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CAMPUS ANGLE

Campus Angle: Liz DiCesare, Bishop Guertin/Mount Holyoke field hockey

Westford’s Liz DiCesare registered a 1.16 goals against average in her sophomore season at Mount Holyoke.
Westford’s Liz DiCesare registered a 1.16 goals against average in her sophomore season at Mount Holyoke.RJB Sports Photography

Liz DiCesare’s time at Mount Holyoke has coincided with perhaps the greatest two-season stretch in the history of the school’s field hockey program, a span in which the Lyons transformed from a sub-.500 non-contender to a team that ranked 13th in the Division 3 n

Liz DiCesare: Bishop Guertin graduate
Liz DiCesare: Bishop Guertin graduateRJB Sports Photography

ational polls at the end of last fall, their highest ranking ever.

DiCesare, while just a piece to the puzzle, has been a significant one in goal. The 20-year-old Westford resident, a former field hockey, alpine ski, and tennis standout at Bishop Guertin, posted a 1.16 goals-against average and .820 save percentage last fall en route to first team all-conference and third team All-America honors. Those numbers, among the best in the league, in effect mirrored her freshman season, when she was the NEWMAC Rookie of the Year and made the all-conference second team.

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Both of those seasons followed remarkably similar tracks for Mount Holyoke. The Lyons were 18-3 in 2013, 17-4 in ’14. They lost 1-0 overtime decisions to Wellesley in the NEWMAC title game both years. They also fell in the second round of the NCAA tournament in back-to-back seasons.

For DiCesare, who chose field hockey over tennis in college despite compiling a 107-1 high school record in the latter, this time of year brings as much hope as it does change.

Q. What’s the biggest difference between the beginning of this season and the beginning of last season?

A. We lost a lot of seniors last year, and now we have a lot of first-years coming in who are taking their places, a lot of underclassmen who are stepping up into different roles. We had a senior team and now we’re a very new team — we’re just getting to know each other and getting back into a rhythm.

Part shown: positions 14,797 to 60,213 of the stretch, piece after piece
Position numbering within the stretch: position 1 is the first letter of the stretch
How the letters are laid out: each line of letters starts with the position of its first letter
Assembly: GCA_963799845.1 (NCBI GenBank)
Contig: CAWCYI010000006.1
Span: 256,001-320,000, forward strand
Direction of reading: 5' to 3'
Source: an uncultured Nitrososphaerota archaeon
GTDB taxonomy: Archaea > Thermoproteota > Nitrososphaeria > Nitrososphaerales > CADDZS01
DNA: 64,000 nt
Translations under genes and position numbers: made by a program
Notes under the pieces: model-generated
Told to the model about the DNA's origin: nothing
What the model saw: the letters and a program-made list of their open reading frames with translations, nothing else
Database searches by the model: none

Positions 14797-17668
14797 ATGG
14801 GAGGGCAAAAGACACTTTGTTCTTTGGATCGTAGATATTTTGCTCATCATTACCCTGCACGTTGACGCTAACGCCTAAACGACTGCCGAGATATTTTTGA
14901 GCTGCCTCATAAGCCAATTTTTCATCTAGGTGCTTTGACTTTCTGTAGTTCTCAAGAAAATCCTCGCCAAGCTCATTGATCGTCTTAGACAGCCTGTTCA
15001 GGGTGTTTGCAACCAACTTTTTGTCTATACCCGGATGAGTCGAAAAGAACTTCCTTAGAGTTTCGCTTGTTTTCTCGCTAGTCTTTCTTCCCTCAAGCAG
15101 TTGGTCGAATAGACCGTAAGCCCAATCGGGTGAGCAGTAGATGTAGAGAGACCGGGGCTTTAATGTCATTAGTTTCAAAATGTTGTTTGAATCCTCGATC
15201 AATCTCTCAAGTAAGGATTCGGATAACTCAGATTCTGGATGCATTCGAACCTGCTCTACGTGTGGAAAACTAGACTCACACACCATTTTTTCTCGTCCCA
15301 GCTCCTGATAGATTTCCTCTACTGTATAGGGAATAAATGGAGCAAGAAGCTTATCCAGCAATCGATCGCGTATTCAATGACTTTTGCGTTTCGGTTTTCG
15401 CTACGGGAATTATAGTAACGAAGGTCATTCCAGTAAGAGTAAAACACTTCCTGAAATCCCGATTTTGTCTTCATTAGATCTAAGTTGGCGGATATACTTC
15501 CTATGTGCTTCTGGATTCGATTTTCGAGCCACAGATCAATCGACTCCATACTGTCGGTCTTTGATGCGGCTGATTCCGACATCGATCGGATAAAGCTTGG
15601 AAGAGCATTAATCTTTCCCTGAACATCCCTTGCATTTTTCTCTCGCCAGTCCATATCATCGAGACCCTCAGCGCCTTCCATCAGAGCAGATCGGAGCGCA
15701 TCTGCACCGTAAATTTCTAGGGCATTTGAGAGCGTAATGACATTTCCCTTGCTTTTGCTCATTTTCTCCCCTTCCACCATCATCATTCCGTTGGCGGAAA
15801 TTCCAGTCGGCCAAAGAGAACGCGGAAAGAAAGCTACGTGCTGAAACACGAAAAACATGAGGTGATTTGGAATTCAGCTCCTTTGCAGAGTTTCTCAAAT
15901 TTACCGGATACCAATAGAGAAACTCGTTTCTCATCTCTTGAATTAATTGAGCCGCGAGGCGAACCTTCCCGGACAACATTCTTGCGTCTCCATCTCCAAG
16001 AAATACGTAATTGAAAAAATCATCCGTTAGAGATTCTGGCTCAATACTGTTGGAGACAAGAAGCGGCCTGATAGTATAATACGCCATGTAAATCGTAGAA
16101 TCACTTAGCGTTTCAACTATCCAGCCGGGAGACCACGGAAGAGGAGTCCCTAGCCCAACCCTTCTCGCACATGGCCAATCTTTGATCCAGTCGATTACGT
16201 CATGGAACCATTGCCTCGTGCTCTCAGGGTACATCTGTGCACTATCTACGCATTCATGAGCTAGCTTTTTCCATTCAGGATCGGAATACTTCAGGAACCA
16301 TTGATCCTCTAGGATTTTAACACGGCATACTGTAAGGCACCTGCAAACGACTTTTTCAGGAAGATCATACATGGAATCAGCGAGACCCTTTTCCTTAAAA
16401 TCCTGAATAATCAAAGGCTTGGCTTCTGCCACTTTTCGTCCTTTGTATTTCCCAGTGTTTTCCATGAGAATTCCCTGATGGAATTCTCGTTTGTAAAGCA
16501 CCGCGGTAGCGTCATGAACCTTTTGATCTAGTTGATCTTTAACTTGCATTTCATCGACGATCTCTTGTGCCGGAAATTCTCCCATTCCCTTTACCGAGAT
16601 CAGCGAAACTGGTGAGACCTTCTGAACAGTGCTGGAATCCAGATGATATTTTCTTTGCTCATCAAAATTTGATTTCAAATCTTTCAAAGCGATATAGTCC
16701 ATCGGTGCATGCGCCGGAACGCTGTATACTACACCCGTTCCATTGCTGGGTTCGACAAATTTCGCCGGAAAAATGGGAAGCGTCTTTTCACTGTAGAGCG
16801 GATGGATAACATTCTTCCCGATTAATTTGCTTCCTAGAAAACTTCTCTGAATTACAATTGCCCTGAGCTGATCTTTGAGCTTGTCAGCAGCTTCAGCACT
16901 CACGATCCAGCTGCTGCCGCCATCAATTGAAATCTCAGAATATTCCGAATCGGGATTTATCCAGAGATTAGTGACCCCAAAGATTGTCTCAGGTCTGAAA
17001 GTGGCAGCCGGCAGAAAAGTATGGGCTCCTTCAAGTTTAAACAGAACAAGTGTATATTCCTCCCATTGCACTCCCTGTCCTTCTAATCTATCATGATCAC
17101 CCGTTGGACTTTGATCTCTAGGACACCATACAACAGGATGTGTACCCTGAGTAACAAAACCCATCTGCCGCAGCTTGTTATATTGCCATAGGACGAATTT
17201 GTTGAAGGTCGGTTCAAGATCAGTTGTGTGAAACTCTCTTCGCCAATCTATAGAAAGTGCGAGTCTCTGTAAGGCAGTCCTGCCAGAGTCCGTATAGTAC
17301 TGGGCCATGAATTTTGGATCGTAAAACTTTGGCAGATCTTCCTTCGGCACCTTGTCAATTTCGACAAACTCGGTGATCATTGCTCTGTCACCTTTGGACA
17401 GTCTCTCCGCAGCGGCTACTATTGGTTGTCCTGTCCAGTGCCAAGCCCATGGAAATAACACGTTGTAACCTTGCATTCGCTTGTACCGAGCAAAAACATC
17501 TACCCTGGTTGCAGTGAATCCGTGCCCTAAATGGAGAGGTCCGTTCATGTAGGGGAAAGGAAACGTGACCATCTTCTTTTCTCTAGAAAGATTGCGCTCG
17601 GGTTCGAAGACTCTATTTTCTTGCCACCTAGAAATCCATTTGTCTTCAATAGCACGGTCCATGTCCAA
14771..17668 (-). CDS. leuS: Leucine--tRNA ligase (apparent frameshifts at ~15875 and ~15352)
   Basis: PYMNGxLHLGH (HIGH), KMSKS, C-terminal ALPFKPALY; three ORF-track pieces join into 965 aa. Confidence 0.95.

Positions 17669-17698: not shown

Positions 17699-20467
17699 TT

Q. After coming so close against Wellesley the last two years, what would a NEWMAC championship mean to the team?

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A. That would mean the world to us. We’ve been right there, especially taking them to overtime — you’re right there and you want it so badly. If we could get it, that would mean the world to us. It would prove all of our hard work, all the dedication we’ve put in so far.

Q. You were all-conference second team as a freshman, all-conference first team as a sophomore. How do you top that in year three?

A. I’m striving to keep up, stay in the All-America [range] and keep my record up, which is really based on the defenders. The last two years, I’ve had great defenders who made my job really easy. If they can stop the ball before it gets to me and I get easy shots, that’s really what helps me. I’m working mostly on my communication with new defenders, getting that going so hopefully I can have a good season.

Q. What’s your favorite college field hockey memory so far?

A. My first year, [a double overtime loss in the national tournament against] Montclair State was by far the best memory I’ve had — everything that went into that game and everything our team put into it. I had one of my best games, and our team really came together at the end of the season. Even in a loss — just the rah-rah, everything around it, the NCAA tournament. It was amazing.

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Q. How did you end up picking field hockey over tennis for colle ge?

A. At a couple of colleges you could play both of them, but being here, when I came to look at both tennis and field hockey, I had to pick one or the other. And it was really just the whole atmosphere around the field hockey team and how excited everyone would get. It’s a very different sport. In tennis, it’s all individual and it’s all about what you are doing on the court by yourself.

When I came here, I really enjoyed how close the field hockey team was — with each other, with the coaches, the whole environment.

Q. What do you hope to do with your economics major after college?

A. This summer I interned at a pharmaceutical company [Alnylam] in Cambridge, so hopefully I can stick with them for another summer. I really enjoyed the biotech side of it — saving lives, helping other people. Even on the business side, you’re connected to all the science of it, which I enjoyed being a part of, even though I’m not a scientist.

Q. What class are you most looking forward to this semester?

A. I’m most excited for Logical Thought, which is a philosophy class. I love logic. I think it’ll be extremely interesting. It’s something different — even though I’m an econ major, I’m hoping to minor in philosophy and do a five-class certificate in coastal and marine sciences. So I’m really all over the place [laughs].

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Q. What show are you binge-watching right now, if any?

A. I just finished watching “Grace and Frankie,” which is a Netflix original series. It’s only one season, so I went through it fairly quickly. I watched all of “Prison Break,” which was great. That one was eight seasons, so that was most of the summer.


Tim Healey can be reached at timbhealey@gmail.com. Follow him on Twitter@timbhealey.